As a writer and director, Richard Linklater has attempted to the most honest stories he can about, for lack of a better word, life: the romance and evolving relationships in his Before series, the process of growing up in Boyhood, the boredom and teenage angst in Dazed & Confused—and even the bizarre small-town murder of a crotchety old lady in Bernie.
On September 1, PBS’s American Masters will air Richard Linklater: Dream Is Destiny, which turns the cameras on the filmmaker himself. During a break from filming his latest movie, Where’d You Go, Bernadette with Cate Blanchett, Linklater and the directors/producers of Dream Is Destiny talked to journalists at the documentary’s Television Critics Association press day at the Beverly Hilton in Beverly Hills.
This documentary covers his love-hate relationship with filming in his beloved state of Texas.
“Austin, I found very pleasant,” Linklater said. “Some cities are harder than others…Texas is hard at times. There’s this competition state-to-state with [filming tax] incentives and everything and Texas has chosen to dial back significantly. I think our government has shifted slightly.”
He referenced a recent New Yorker article that explains these politics some more.
Has Texas’s current political climate provided fodder for any new characters?
“I have a script I’m working on now that touches into Texas,” he said. “It’s a true story that will be somewhere down the line that touches on demagoguery and a con-man, let’s say. To me, that’s apt for our times.”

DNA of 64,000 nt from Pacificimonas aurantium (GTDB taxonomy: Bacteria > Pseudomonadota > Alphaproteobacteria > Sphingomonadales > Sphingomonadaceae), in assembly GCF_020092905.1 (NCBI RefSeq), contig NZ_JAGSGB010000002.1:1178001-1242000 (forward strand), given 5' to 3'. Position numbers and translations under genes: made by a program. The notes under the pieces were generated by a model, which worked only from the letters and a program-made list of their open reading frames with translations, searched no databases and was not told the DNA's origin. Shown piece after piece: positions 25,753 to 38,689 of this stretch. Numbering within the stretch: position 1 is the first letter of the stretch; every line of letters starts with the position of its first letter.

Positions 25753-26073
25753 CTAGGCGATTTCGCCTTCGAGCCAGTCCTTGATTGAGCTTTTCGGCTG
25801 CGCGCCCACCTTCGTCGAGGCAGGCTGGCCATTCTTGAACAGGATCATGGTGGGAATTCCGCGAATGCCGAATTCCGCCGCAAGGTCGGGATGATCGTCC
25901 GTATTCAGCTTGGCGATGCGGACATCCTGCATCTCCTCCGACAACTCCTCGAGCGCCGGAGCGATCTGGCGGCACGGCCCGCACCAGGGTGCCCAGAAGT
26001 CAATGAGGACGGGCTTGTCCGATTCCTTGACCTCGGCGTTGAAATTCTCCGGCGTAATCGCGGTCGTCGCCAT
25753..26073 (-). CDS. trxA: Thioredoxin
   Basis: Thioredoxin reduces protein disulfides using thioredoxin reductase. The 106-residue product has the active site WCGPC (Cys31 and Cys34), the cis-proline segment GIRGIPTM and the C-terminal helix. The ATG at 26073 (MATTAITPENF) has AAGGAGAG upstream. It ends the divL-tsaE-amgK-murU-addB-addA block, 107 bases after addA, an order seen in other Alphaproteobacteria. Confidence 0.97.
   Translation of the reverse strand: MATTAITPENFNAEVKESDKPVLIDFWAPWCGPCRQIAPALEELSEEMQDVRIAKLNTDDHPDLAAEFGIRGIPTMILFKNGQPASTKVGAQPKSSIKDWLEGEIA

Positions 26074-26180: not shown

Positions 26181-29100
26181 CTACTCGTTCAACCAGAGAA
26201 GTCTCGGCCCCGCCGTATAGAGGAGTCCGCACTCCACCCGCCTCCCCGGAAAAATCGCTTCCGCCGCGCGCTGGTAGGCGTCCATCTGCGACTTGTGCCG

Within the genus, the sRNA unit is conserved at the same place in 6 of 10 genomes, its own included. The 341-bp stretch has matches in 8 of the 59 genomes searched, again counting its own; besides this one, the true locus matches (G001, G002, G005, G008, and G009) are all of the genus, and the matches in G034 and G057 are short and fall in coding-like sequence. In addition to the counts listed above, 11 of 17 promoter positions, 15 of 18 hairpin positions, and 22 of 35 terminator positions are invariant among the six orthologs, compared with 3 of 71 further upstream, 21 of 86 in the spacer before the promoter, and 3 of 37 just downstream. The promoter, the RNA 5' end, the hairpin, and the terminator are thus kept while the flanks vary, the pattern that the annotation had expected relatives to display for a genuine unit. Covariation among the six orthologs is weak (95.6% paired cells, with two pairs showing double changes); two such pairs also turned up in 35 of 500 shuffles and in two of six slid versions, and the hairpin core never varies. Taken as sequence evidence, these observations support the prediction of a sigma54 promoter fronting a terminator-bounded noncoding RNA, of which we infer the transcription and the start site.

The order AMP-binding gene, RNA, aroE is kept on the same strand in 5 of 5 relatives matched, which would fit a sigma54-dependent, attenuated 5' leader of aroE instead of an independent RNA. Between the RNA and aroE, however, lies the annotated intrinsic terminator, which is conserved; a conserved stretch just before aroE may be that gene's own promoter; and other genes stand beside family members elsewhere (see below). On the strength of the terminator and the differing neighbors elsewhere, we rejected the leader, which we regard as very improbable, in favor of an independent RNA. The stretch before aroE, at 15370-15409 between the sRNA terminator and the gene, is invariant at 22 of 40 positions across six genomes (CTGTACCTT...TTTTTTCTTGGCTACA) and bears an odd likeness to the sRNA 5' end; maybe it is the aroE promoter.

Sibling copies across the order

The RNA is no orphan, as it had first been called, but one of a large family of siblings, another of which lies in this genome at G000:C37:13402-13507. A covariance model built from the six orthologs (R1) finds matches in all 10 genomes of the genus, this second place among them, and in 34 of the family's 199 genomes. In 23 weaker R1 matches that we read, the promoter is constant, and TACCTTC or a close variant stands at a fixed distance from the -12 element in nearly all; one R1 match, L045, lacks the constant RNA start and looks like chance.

Although there is certainly a company of actors who appear in his films, Linklater likes working with new talent.
“I work with new actors on every film and they come in and I hope to get them to settle into the process I’m offering them,” he told us. “I want to treat them as a participant because I want them to help me make the best movie I can.”
Trained as actor early on, he said he’s “not afraid of actors. I just want to pull out of them everything they have to offer to this one part that I must think they’d be good at, otherwise I wouldn’t have cast them.”
That said, Linklater isn’t interested in working with people who only want blockbusters.
“I don’t really think about movie stars that much,” he said.
Louis Black, co-director and one of the producers of the film, as well as a long-time friend of Linklater, said, “In our experience, people who want to be in one of Rick’s films want to be working with him again.”
“I saw almost immediately this clamor to have any kind of place in Rick’s movies,” said Karen Bernstein, the film’s other director-producer. “We watched while he was making a film and to watch these young men who were all part of the cast and crew…all of those guys are utterly devoted to Rick. I think if he were doing a home movie somewhere, they’d clamor to do it again.”
Linklater is glad he got to do movies that he calls “experiments.”
“They’re close to how we work and how we think,” he explained. “Certain stories play with the human reception…If you had characters that are compelling and interesting, then you can tell stories in different ways.”
Linklater knows he’s known for stretching film budgets.
“People used to be obsessed with how low you can go,” he said. “Back when I first started on Slacker, $23,000 was the exact amount we had spent. That’s what I’d spent to get a print to show at its first film festival on 16 mm.”
He added that he doesn’t “really care what the budget is” as long as it’s enough to “tell the story you want to tell.”